“Are you saying I’m wrong?” Tattletale asked. “About her being poorly equipped for cape life?”
“No. The analysis is right. I won’t disagree. But I have other concerns. This business with how you murdered Butcher. The girl at the bottom of the Boat Graveyard… Cherish… it was a risky decision.”
“Not so risky when you’ve done a read on the situation. I had all the notes on Butcher Fourteen. She couldn’t teleport free, not into open water. She still can’t, and I had a crew use a remote control device to lash a cable to Butcher Fifteen’s pod. They’ve dropped her into a deeper area of the ocean, and the only thing she’ll be likely to kill are fish. If we’re lucky, maybe Leviathan will float that way and off himself.”
“It was risky nonetheless. There was no assurance the plan would work.”
“And we shouldered that risk. Bitch and Skitter, specifically. If it didn’t work out, it was their lives on the line.”
“And now we have Skitter taking another risk. This seems to be a pattern.”
“She’s taking the risk on our behalf,” Tattletale said. “But that’s not your concern.”
“It’s very concerning to me.”
“But it’s not your concern,” Tattletale said. There was a strain in her voice, and her fingernails were digging into her costume-covered thighs. “We aren’t partners, Accord. Let’s get that straight. Do we work together? Yes. Have we arranged a division of labor? Yes. But this is our city, and you’re renting a space.”
“Tenants have rights when interacting with their landlords,” Accord said.
“Rights, yes. But we’re supervillains. Don’t forget that,” Tattletale relied. “It’s our prerogative to be assholes. And right now? I’m going to be an asshole. The contract stands. Your provisions stand.”
“There’s an escape clause.”
“And you’re free to use it,” Tattletale said. “Take the clause, leave, abandon the investments you’ve already made in this city…”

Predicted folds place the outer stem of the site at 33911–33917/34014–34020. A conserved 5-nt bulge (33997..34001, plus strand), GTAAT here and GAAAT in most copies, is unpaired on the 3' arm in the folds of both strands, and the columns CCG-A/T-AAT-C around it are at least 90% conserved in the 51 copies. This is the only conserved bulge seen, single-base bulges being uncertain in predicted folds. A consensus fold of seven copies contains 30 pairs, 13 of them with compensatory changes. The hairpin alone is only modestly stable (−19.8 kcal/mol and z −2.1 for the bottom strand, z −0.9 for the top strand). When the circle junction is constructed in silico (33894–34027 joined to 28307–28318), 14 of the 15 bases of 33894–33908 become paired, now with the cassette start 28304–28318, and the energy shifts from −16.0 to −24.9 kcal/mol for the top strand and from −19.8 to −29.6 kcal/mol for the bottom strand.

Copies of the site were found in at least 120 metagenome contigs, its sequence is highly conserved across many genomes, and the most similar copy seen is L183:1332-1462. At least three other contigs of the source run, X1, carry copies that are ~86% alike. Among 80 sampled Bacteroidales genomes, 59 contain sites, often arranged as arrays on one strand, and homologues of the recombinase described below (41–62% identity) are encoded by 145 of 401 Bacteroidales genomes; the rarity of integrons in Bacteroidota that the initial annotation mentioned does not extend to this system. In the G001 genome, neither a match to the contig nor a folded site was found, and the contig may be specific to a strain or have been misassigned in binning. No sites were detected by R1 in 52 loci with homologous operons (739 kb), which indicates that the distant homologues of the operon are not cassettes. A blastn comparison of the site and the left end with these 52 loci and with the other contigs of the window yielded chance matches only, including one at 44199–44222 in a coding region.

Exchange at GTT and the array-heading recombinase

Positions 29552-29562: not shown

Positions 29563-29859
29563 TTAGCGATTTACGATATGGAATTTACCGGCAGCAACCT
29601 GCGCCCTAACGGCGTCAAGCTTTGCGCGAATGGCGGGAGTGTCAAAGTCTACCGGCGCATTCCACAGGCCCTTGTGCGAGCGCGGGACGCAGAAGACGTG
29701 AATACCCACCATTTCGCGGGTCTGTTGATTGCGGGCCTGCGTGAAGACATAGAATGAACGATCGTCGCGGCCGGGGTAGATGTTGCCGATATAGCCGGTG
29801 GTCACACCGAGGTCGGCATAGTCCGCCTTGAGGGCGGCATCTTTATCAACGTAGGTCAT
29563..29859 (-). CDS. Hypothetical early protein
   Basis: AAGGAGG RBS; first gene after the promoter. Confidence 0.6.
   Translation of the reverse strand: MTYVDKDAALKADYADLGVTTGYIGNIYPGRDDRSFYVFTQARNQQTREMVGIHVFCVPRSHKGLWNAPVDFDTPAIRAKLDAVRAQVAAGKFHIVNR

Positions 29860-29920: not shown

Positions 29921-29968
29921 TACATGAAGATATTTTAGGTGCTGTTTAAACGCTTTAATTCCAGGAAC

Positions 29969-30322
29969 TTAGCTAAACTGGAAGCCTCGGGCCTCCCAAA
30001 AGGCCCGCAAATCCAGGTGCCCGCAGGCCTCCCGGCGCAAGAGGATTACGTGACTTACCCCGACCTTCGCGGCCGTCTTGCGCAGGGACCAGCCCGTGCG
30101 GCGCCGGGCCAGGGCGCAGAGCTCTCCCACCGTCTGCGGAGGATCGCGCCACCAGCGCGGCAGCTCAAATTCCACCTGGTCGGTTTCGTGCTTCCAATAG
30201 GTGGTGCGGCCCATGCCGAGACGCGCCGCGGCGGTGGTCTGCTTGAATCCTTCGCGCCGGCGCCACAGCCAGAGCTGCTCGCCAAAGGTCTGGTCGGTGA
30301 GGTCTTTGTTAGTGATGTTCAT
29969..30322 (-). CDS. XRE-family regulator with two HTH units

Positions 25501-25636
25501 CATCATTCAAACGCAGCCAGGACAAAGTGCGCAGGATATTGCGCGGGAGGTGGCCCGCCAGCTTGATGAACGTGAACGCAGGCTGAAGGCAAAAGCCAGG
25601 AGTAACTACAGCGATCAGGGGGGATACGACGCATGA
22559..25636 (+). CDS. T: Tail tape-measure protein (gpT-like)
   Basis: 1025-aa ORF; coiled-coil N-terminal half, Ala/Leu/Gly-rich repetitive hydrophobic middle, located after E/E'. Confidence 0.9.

“Or attack,” Accord said, “And seize everything you have.”
“Or attack,” Tattletale said. She sounded more tired than upset. “You could do that. Or you can take my offer.”
“Skitter provided your notes on managing crime in Brockton Bay. I don’t think either of us can agree to implement it, without knowing the exact outcome of Skitter’s expedition…”
“I agree,” Accord said. His interest was clearly piqued. Parian could see the way the eyebrows of his mask had raised a fraction.
“But I like it,” Tattletale said. “And if your concern is about instability within this city, I can read your work, see the solutions you propose and consider implementing them. We would give you a hand in shaping policy beyond this group.”
“You’d agree to a contract where you implement a set number of my plans?”
“Hellll no,” Tattletale said.
Parian felt her heart skip a beat. She could see Accord bristle, and his Ambassadors had tensed, as if expecting an order to attack at any second.
“But,” Tattletale said, “I can consider them. And that might be the best offer you’d ever get. You know your ideas are good ones. You know there are ideas that would be worth implementing. If I agreed to read through them, bring the better points up for discussion within the group, across our entire alliance, and I’m hoping we recruit more than just you… well, there’s a chance they’d see the light of day.”
Accord frowned. “You’re not promising anything concrete.”
“No. I am sticking to the deal we arranged. This is a bonus. It doesn’t have to be big. It’s fucking generous as it stands.”
“Please be more civil,” Accord said. “I’d rather you didn’t swear.”